Time for a game of ‘Spot the Difference.’
David Sullivan and David Gold
The Srivaddhanaprabha family.
They’re all owners of Premier League clubs.
They all enjoy an incredible bank balance.
The difference you’re looking for is that the first three have all invested plenty of their readies into their respective clubs – aside from Stan Kroenke.
In fact, Kroenke has actually taken money out of the club, as payment for consultancy fees.
The result of this lack of spending in comparison to Leicester City, Everton and West Ham is that instead of progressing with our supposed gameplan to haul Arsenal back into the big time, we could instead be battling it out with the above three teams to keep our Europa League status.
Never mind the Champions League for now. With Liverpool and Manchester City going from strength to strength, Manchester United and Chelsea not afraid to spend in the transfer window and Tottenham enjoying lucrative new incomes, Arsenal, now more than ever, have to break free from the restrictive budgets that are shackling our growth, and recognise the shifting landscape.
More clubs than ever can break the bank and land a superstar, and with West Ham signing Pablo Fornals, this is another piece of evidence to support the warning.
For just £24m, the Hammers have a Spanish international that has years ahead of him. Fornals has been a target of ours for some time, and to see him ship off to East London sticks in the craw a tad.
They also reportedly have another +£20m target in their sights from Celta Vigo, and are also after one of our other targets, Alexis Claude-Maurice from Lorient. Let’s say both of our bids are accepted – can we honestly say that we will offer more money than the Hammers?
So we will rely on our allure – the third biggest club in England, a host of domestic trophies and an attractive brand of football with a global fanbase.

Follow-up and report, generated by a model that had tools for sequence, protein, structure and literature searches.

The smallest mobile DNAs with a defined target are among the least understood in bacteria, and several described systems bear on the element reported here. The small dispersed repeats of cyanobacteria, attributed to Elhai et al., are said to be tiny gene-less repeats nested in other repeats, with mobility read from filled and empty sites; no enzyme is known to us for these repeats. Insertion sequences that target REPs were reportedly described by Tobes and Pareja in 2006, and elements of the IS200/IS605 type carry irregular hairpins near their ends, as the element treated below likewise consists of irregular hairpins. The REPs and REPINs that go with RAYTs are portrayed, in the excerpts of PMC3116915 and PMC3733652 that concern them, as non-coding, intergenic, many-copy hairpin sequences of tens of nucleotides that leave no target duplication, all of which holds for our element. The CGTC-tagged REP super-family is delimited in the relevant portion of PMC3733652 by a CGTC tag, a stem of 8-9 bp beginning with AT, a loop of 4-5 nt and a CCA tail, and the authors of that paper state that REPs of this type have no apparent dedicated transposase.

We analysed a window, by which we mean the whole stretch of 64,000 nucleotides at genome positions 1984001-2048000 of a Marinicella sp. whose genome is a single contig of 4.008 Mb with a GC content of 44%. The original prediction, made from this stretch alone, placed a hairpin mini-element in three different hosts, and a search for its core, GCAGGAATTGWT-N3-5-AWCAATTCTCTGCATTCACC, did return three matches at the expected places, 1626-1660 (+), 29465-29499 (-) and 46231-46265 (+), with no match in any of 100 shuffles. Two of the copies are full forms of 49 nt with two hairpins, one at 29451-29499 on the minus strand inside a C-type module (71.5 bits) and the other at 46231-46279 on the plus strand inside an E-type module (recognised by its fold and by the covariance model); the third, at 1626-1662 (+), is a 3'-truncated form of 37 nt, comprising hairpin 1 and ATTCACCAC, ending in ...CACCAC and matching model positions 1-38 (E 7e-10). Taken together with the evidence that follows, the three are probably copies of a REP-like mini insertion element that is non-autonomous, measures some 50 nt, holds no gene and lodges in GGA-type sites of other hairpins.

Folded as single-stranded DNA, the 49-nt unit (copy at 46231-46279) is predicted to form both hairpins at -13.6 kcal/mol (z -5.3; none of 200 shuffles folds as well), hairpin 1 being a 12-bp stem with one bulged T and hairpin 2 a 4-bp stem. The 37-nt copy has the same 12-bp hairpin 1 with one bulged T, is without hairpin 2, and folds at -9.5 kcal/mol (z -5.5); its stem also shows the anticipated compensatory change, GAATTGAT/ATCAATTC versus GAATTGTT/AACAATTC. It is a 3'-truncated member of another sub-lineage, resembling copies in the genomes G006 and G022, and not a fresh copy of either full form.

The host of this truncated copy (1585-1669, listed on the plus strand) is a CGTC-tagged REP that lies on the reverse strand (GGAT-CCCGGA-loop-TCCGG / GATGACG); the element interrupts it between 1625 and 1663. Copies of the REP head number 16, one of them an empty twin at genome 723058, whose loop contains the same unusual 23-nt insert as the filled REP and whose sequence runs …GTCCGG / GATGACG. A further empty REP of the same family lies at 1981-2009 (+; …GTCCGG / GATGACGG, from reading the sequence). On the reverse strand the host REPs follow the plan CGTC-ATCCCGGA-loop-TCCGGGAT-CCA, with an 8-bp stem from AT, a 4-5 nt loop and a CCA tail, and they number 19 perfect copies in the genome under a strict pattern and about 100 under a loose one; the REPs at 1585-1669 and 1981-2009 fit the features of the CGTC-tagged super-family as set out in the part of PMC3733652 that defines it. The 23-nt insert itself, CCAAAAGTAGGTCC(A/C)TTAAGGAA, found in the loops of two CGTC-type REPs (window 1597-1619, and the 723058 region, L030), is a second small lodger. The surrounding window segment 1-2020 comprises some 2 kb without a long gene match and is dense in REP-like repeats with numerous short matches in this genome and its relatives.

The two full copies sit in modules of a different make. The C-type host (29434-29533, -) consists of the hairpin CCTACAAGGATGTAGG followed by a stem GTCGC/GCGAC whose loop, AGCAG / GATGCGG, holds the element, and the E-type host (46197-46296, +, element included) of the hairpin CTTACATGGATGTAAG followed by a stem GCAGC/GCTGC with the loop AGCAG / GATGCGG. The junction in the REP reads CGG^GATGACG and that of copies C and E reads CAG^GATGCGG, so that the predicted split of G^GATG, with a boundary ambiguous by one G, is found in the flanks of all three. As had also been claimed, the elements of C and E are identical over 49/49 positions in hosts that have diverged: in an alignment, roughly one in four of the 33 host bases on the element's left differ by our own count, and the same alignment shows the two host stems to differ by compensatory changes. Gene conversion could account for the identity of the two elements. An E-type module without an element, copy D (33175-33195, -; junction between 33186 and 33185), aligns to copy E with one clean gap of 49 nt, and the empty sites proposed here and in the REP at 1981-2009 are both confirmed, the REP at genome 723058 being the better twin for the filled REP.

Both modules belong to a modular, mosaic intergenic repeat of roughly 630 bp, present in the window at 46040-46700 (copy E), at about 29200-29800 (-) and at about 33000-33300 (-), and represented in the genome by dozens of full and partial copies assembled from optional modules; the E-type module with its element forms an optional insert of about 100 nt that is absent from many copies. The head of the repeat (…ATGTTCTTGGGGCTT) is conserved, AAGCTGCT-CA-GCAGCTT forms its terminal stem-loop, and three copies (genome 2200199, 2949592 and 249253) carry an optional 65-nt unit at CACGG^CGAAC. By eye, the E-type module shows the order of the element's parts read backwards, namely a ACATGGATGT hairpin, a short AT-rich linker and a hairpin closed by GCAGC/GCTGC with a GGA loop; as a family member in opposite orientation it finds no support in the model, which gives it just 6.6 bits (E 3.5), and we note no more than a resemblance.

Is that enough for the modern day footballer? Will it be enough to continue to snare the top talent? When they are well aware they can earn far more elsewhere – where the expectation will be lower? So they can enjoy the adulation for performing well within themselves?
How long can we continue to trade off the back of our reputation? Are we in danger of becoming a former glory – one that slumbers in the comfort of midtable as our owner cashes in and our rivals enjoy the spoils?
That may be an overreaction after our last season saw us miss out narrowly on both a lucrative Champions League spot and a European trophy, but you can’t deny that you’re alarmed when you see teams that don’t share our illustrious history or potential, spending shameful amounts of money that we can only dream of.
The self-sustaining model that Vinai Venkatesham and Raul Sanllehi are keen for us to follow keeps us on the straight and narrow and crucially – without any dependency on our owner who could give two shiny pennies whether we win trophies or not. As long as our cash udders are ripe and producing the goods, he’ll be more than happy for the status quo to continue.
Which means we stay in limbo – not quite good enough for the Champions League, but with teams all around closing the gap.
Financial Fair Play made a mockery of our frugal approach a while back, and it will continue to ignore those teams that are spending well beyond their means – which means we will not be rewarded for our mindful approach when it comes to our balance.
We were told that whatever profit we make can be reinvested into our team. Fair enough, but with us needing a big step up from our current position in order to catch up to the rest, that requires more than what we are making right now. We need to go wild in the aisles and buy the players that makes this squad Emery’s men – rather than the majority being leftovers from the Wenger era.
We don’t want Kroenke dipping in his pockets endlessly, but we do want a fighting chance to regain our standing – and we need a bit of help for that to happen.